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LEICA M10 Camera VS. LEICA Q Camera - A Comparative Review

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Very curious, in that he says the M240 is now a better buy than the M10, while image quality is better than that of the Q because of its later sensor, but no-one else will admit this.

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This!  His video "reviews" are terrible.

 

the production quality of his videos are pretty good .... the content sadly is just awful. 

 

I remember watching his review on the 35mm Summilux in which he faults it for being 35mm because he prefers 50mm ... I mean come on.

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One can compare any two things, but I don't see why one would compare the M and Q.  For me, they solve different shooting requirements and present very differently to the user, meaning the obvious AF/EVF versus MF/OVF, fixed lens versus interchangeable lens capability, and cost.

 

Image quality?  Not an issue in either case for most users, I would think.

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Not super impressed with the review.  It had some inaccuracies:

 

1) "Fixed Lens Camera" is not the same as fixed focal length--the X-Vario, for example, has a permanently fixed lens, but it is a zoom

2) I don't think Leica has ever suggested that the Summilux lenses are more "top of the line" than the Summicrons--just that they are faster.  I certainly wouldn't consider my 50mm Summicron-M APO to be a second-tier lens to the Summilux-M 50mm.  

3) He said the sensor for the M10 is made by CMOSIS.  I haven't seen any evidence yet of who manufactures the sensor for the M10.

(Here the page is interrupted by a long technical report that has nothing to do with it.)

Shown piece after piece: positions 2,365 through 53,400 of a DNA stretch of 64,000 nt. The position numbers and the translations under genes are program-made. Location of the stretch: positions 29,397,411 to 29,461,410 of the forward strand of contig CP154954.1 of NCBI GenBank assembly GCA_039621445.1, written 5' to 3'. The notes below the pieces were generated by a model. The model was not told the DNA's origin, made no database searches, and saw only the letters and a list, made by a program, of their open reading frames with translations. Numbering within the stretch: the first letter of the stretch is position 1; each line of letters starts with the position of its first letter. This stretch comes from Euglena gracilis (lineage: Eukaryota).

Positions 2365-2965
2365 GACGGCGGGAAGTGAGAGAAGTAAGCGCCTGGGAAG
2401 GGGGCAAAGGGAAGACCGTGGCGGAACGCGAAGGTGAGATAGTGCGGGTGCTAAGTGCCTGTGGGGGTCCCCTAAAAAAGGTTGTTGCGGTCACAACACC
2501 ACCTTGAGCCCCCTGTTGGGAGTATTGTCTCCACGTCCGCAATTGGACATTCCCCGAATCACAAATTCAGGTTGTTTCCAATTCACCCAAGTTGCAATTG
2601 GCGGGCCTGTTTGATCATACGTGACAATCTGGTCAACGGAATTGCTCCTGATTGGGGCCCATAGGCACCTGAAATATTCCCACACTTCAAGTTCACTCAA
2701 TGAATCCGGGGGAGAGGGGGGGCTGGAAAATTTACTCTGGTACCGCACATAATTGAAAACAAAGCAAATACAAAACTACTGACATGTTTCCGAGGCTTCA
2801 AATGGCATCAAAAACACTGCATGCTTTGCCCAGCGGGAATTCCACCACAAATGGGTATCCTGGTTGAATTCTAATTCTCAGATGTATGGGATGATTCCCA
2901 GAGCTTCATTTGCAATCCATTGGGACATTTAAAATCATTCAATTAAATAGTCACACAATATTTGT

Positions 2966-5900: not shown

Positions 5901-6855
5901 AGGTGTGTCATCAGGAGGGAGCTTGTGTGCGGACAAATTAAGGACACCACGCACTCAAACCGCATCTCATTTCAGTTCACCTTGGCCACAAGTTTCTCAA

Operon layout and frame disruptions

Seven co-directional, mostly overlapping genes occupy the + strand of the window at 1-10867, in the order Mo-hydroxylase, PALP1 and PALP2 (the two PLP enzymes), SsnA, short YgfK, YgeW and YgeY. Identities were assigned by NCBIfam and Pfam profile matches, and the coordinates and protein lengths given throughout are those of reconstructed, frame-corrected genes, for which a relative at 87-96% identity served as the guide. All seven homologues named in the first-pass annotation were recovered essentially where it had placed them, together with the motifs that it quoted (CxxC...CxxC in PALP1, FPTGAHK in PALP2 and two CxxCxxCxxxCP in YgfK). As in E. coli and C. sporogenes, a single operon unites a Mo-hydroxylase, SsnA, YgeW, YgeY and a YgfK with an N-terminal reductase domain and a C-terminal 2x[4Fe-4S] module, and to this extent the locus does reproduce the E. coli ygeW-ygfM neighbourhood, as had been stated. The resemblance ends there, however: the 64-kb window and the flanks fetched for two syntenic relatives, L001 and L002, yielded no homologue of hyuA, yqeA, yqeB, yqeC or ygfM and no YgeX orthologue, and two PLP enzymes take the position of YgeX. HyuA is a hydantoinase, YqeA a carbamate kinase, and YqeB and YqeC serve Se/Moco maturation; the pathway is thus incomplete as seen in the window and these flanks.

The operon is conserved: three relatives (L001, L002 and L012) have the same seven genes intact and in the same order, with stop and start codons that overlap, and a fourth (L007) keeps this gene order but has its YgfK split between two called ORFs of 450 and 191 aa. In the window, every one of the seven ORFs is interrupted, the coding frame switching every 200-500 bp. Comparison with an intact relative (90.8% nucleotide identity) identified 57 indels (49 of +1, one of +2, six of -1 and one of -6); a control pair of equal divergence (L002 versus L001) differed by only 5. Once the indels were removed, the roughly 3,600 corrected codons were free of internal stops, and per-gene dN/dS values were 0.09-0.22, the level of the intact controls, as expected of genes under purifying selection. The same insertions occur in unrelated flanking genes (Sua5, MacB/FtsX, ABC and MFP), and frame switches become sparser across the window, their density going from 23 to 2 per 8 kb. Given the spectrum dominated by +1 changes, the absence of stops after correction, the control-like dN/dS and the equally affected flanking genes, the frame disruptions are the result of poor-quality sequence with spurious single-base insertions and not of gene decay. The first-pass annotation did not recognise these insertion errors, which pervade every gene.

4) He said that if you look online at sample images from the Leica 'Q' and form the Leica M10, the M10 images appear to have higher quality.  I certainly can't find any evidence of that.  Leica Rumors says they are almost the same at high ISO.  Sean Reid says the SL (almost the same sensor as the 'Q') have very similar high ISO performance.  I haven't seen DR numbers yet for the M10, but I just don't see any evidence at this point that image quality would be noticeably different.  

5) Suggests that Leica avoids showing certain image quality comparisons to keep sales of one camera from canibalizing sales of another.  That's just plane silly.  I don't know of any camera manufacturer that does side-by-side comparisons of image quality of ANY different models.  It's not some conspiracy on the part of Leica management to keep you from learning about the poor image quality of one camera model vs. another (or the relative lack of difference between models, if you think the conspiracy runs the other way).  

6) States that the Sony RX1RII has a huge advantage over the 'Q' because of it's having a 35mm lens.  That's just silly.  There is nothing intrinsically "better" about a 35mm lens.  Some photographers prefer the angle of coverage of a 35, others a 28.  Certainly, the 35 has been more popular over the years for SLR owners, but if you want to start including cell phones in what is now "popular" the 28mm angle of view actually dominates.  It's just a difference--not an advantage either way.

7)  Suggesting that the continuous shooting mode for the Leica M10 is buried in the menu because of the embarrassment of comparing it to the 10 FPS of the Leica 'Q' is just plane silly.  Neither camera is intended for or good at action shots.  And I certainly don't think Leica is embarrassed by the 5 fps on the M10.  They shifted the continuous drive function into the menus to give a cleaner external design--there aren't all that many situations where one would want 10 fps in a manual focus camera!

8) Likewise, it is silly to suggest that removing video functionality from the M10 was a "downgrade".  Again, any given photographer may or may not like the choice, but the reasoning was quite clear; Leica M cameras simply aren't used for capturing video.  Neither is the 'Q', for that matter.  It was a superfluous feature that cluttered up the design.  Leica has long had a minimalist ethos--if they don't think people are going to use a feature, they'd rather remove it in order to make the camera more "pure".  You may disagree with the decision, but it's certainly not a "downgrade" as the reviewer implies.

9) States that most Leica 'M' lenses have a close focus of 0.5m.  Not correct.  Most are either 0.7m or 1m.  I'm not aware of any that get to 0.5m without a macro adapter.